Connected Objects could create the Internet’s first anti-social network

The Premise. Social media is becoming something of a necessary evil in most people’s lives. While the updates and changing security policies keep users ill at ease, there aren’t any better options when it comes to staying in touch with friends and family.

The Product. The is basically a tiny web server that connects to a PC and functions as a private social network that others can connect to. With a unique URL and the ability to make content public or private, the can store photos, videos, blogs, and any other content without reliable internet access with a user interface familiar to users of Facebook.

The Pitch. The video is stylish and brief, criticizing social media for selling data to advertisers and for accounts being unexpectedly shut down. The rest of the campaign is similarly styled, showing the product as something cool, tech-savvy youth would find themselves behind to protect their privacy, yet simple enough for the advanced in age to make ample use of. Product creators Genshi.lab are looking to raise $250,000 to finish the product’s design and bring it to market.

The Perks. The is available for early adopters in March 2015 for $199. Four color variants are available at the $249 tier, with full customization of colors being available for backers who pledge $599 or more. Those who can’t wait can get a beta model in January 2015 for $1000.

The Potential. provides a hardware-based alternative for personal sharing. But what sets it apart from previous options such as the PogoPlug is the software that handles the status updates. That’s likely what will re1uire most of the product’s development time. In cutting off most of the rest of the world,. the product makes it easier to have people opt in to certain life events and photos, etc. as opposed to having to screen people out as on Facebook. What one gives up on, however, is the serendipity of seeing updates from other people and being able to easily share those as well. One key to the product’s success will be a good mobile app that will make sharing easy on the go, which is a key way that content gets added to social networks today.


SkyTent provides in-flight privacy, will attract in-flight gawkers

The Premise. Traveling can be tiring business. A constant barrage of harsh sounds, lights and smells can make it difficult to relax or sleep. It can also be difficult to have a sense of privacy while flying or waiting for a flight.

The Product. SkyTent is a visor that wraps around your head with fabric hanging down from it, looking a bit like those old kerchiefs that the outlaws in westerns wear. The fabric is light, breathable and allows the wearer to see through to the outside world. The visor comes in an array of colors with different design options on the front including “Keep Calm and Dream On” and “Cat Nap”. While on, the fabric hangs far enough away from your face to be comfortable.

The Pitch. A charming video of the creator talking about his product using illustrations kicks off the campaign. He goes through all of the different sensory pollutants that one must endure when flying while relaying what sounds like a flight from Hell to China. The rest of the campaign shows different folks donning the SkyTent as well as add-on features that the creator would like to offer, including more colors and scented oils to clip into the visor. SkyTent hopes to raise $10,000 in its 30-day Kickstarter run.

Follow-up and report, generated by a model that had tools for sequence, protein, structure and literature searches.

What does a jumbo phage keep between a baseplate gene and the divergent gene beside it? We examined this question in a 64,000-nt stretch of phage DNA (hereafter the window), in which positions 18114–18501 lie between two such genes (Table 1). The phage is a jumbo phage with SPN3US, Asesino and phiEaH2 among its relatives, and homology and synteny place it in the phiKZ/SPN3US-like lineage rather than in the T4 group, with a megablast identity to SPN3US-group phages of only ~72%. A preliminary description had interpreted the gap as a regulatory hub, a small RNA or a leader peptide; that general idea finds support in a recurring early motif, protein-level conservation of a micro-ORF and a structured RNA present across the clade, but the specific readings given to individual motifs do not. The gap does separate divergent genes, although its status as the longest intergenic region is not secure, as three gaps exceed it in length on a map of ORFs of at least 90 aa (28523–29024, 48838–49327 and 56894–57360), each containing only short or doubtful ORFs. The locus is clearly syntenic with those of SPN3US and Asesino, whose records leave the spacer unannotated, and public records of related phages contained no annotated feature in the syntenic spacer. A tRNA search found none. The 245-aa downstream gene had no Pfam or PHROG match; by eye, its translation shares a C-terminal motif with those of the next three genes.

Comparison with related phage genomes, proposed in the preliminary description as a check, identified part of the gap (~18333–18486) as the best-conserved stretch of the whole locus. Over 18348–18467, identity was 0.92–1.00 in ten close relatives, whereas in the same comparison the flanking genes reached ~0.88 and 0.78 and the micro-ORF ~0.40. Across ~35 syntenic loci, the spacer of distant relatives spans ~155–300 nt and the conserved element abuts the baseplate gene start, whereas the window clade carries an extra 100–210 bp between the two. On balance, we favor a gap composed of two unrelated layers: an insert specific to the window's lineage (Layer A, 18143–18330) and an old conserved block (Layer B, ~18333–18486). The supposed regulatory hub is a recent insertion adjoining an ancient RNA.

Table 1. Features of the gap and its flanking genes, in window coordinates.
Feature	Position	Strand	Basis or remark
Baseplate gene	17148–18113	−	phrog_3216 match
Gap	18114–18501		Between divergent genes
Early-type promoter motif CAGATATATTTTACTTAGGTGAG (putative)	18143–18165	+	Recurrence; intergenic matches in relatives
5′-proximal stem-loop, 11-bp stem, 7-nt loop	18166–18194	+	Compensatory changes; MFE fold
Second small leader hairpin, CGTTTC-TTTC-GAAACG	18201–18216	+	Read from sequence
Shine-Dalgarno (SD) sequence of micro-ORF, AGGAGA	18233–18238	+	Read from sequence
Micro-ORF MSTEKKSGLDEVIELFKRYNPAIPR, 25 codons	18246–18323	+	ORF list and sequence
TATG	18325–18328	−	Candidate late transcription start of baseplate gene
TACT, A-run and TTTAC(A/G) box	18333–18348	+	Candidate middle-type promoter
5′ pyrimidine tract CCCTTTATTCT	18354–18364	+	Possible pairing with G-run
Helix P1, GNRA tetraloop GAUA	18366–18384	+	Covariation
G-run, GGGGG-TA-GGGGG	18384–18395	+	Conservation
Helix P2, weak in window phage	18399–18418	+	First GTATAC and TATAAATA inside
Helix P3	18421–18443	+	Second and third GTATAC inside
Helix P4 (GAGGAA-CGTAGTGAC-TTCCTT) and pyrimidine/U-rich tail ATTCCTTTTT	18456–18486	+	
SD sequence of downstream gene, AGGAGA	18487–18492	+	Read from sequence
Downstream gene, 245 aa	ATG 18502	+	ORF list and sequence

The Perks. One of these mini-tents costs $25 for backers looking for some solace. There are only two reward tiers on this campaign, both with expected delivery dates of August 2014. A $15,000 stretch goal has been set for the addition of essential oil aroma inserts.

The Potential. ironically, for a product designed to provide privacy, the oddity of the SkyTent is sure to attract looks Other than looking quite silly, though, the product provides an alternative to the tried-and-true sleep mask and less popular portable ionizer. It’s light enough to be portable for travelers and would even be good in long car rides for passengers who experience motion sickness. One similar product includes the Forward Front Face Pillow Cushion , which provides some privacy and rest for air travelers, but requires an awkward bend forward to do so. However, it’s unclear how good a job it does filtering out noxious odors and one will still need to rely on some good noise-canceling headphones to block out noisy fellow passengers

Tech Accessories

Privus encrypts digital communication to keep it from prying eyes

PrivusWith whistleblowers raising issue with online security from hackers and governments alike, encryption can be an important tool to protect privacy. The Privus system allows users to encrypt their emails, chats, and texts easily for complete privacy. All you need to know is in the first second of the video, as a CIA and NSA Surveillance Contractor declares the Privus encryption unbeatable. For a pledge of $25, backers can get access to Privus email encryption with a year’s subscription to Privus Premier. Those who want safe physical storage can add on a 16GB USB drive with Cipher-Key application for a total of $65.

Tech Accessories

Taptucam is what webcams wear to foil voyeur hackers

taptucamFans of the ABC show Shark Tank may have recently seen a product called Eyebloc. The  small piece of plastic fits over laptops and iPad front-facing cams primarily to thwart those who might spy on you through your camera in order to capture passwords or compromising poses. The Spanish duo behind Taptucam do not shy from the latter in their lewdness-alluding campaign video that shows off the simple clip-like device for keeping your computer from unintentional broadcasting. Of course, a Post-It note or many other inexpensive barriers will also do the trick. But for those who want a touch of style in their stifling can pledge $7 can pick up a five-pack in May 2014.